Page 32:

“…they have developed a plan, they are working the plan, and because there is a clear plan, they are able to easily engage volunteers to advance it.”

“Healthy and engaging churches simplify their ministries around a discipleship path that prioritizes small groups. Plain and simple.”

Page 33:

“Jesus’ model of discipleship focused on smaller groups. Acts 2 describes the early church continuing this model. If we want to create true disciples of Christ, we must follow His example of creating genuine relationships for support and encouragement. Fostering community is vital to the health of your church. The percentage of adults and students engaged in small groups is an indicator of your current ability to connect people to community.”

Page 54:

“We have an action plan in place to prioritize a focused set of initiatives/objectives for the next 6 months.”

“We have a defined strategy for leadership development for both staff and volunteers.”


Page 55:

“When you lead with a clear mission and vision in a healthy way, you give people something to unify around. Unity is developed through mission and vision, not votes.”

“I’m becoming convinced that dysfunctional boards are one of the greatest contributors to stuck churches.”

Technology: “I often hear church leaders talk about “meeting people where they are.” Today, they are online and we must continue pushing the limits to get to them. Too many churches treat technology like “one and done” projects. They develop a website, set-up a few social media accounts, and declare their presence in the digital age. Top 10% churches understand that technology is always changing. The dedicate resources to ongoing development, continually adapting in order to reach people.”

Page 56:

Defined Action Plan: Churches experiencing success did not get there by accident. They went through the process of filtering their opportunities and needs then set a clear action plan to tackle them. Todd Braswell put it like this: “When we have a goal or task to accomplish, I like to think in clear action steps that build upon one another to get the job done. This is communicated and agreed upon during staff/team meetings and is followed up on in weekly meetings until completed.” Through focused initiatives and weekly accountability, they’ve made great strides in pursuit of their vision. It is that mindset that leads me to expect they will continue growing. It is also a discipline any church must adopt in order to improve its health.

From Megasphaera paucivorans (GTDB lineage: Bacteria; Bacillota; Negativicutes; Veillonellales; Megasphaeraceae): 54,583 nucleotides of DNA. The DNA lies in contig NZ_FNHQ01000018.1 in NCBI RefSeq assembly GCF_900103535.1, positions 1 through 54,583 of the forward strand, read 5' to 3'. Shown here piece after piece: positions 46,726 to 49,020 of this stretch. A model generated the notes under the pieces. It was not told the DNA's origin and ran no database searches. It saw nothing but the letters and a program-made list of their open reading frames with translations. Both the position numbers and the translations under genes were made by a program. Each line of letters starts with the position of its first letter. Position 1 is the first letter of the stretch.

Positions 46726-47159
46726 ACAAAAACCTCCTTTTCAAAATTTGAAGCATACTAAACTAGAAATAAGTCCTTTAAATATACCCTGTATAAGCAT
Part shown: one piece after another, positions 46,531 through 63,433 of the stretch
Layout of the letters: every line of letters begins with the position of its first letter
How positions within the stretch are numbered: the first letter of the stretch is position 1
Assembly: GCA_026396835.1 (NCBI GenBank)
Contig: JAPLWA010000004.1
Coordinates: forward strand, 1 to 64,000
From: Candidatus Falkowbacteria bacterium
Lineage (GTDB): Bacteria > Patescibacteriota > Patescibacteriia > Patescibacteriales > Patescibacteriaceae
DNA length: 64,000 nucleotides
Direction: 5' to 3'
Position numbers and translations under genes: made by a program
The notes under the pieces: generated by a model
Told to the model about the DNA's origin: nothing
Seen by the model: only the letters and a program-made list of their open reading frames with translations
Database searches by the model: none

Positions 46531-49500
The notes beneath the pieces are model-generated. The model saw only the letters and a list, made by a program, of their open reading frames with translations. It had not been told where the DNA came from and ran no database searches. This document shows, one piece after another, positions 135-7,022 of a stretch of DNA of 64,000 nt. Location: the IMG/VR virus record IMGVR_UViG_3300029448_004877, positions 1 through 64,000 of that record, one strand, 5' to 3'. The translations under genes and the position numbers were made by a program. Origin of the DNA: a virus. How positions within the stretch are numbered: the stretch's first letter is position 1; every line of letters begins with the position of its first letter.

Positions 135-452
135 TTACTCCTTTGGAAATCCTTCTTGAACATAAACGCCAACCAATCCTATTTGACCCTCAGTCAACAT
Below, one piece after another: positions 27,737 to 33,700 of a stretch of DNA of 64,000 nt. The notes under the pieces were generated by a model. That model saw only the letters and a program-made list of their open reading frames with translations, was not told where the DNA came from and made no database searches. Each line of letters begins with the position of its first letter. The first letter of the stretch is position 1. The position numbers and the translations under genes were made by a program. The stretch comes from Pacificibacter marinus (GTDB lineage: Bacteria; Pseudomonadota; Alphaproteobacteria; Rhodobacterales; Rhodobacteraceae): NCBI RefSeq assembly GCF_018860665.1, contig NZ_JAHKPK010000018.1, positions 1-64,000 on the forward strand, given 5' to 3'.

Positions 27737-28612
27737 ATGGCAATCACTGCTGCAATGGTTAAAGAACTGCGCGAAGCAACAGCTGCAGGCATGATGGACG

Leadership Development: I’ve already shared the importance of a leadership development pipeline to developing great staff and volunteer teams. Here, I will simply remind you: growing churches require growing leaders. And growing leaders requires an intentional strategy. Healthy churches have a pipeline for development. Waterlife defines that pipeline with three stages: Identify, Invite, and Invest. Any team leader can use that framework to identify potential leaders, invite them to take on greater leadership responsibility, and invest in them along the way. How is your own church doing in these distinctive components? What would your staff have to say about them? If you really want to know, ask them to rate their own level of agreement with the statements above on a scale of 1-5. Then begin a conversation about the ones that scored lowest. You just might find yourself defining an action plan to address them!

Page 59:

“I recommend setting goals that inspire immediate action along with a clear future vision that keeps the team moving in a consistent direction over time.”

I have shared before that hope is not a strategy. You cannot simply hope to achieve your goals. You must plan out specific steps to accomplish them.

Page 62:

“Great leadership teams hold both metrics and stories in a careful balance. They value calculated numbers but look to confirm them with real-life examples.”

Page 63:

“Encourage everyone on your team to listen closely as they interact with church attendees. Small groups, volunteer teams, baptisms, and times of prayer can all reveal great narratives that illustrate your vision in action. As you discover great stories, dedicate time in staff meetings to share them with one another. Doing so will encourage the hearts of your staff and give everyone the opportunity to see personal perspectives. As long as your church is larger than one person, there are stories out there that you have yet to discover. Those personal experiences within your church could unlock a whole new perspective for your team. As you begin to utilize your new set of metrics, take time to balance it with valuable stories that will give your team inspiration and insight to move forward.”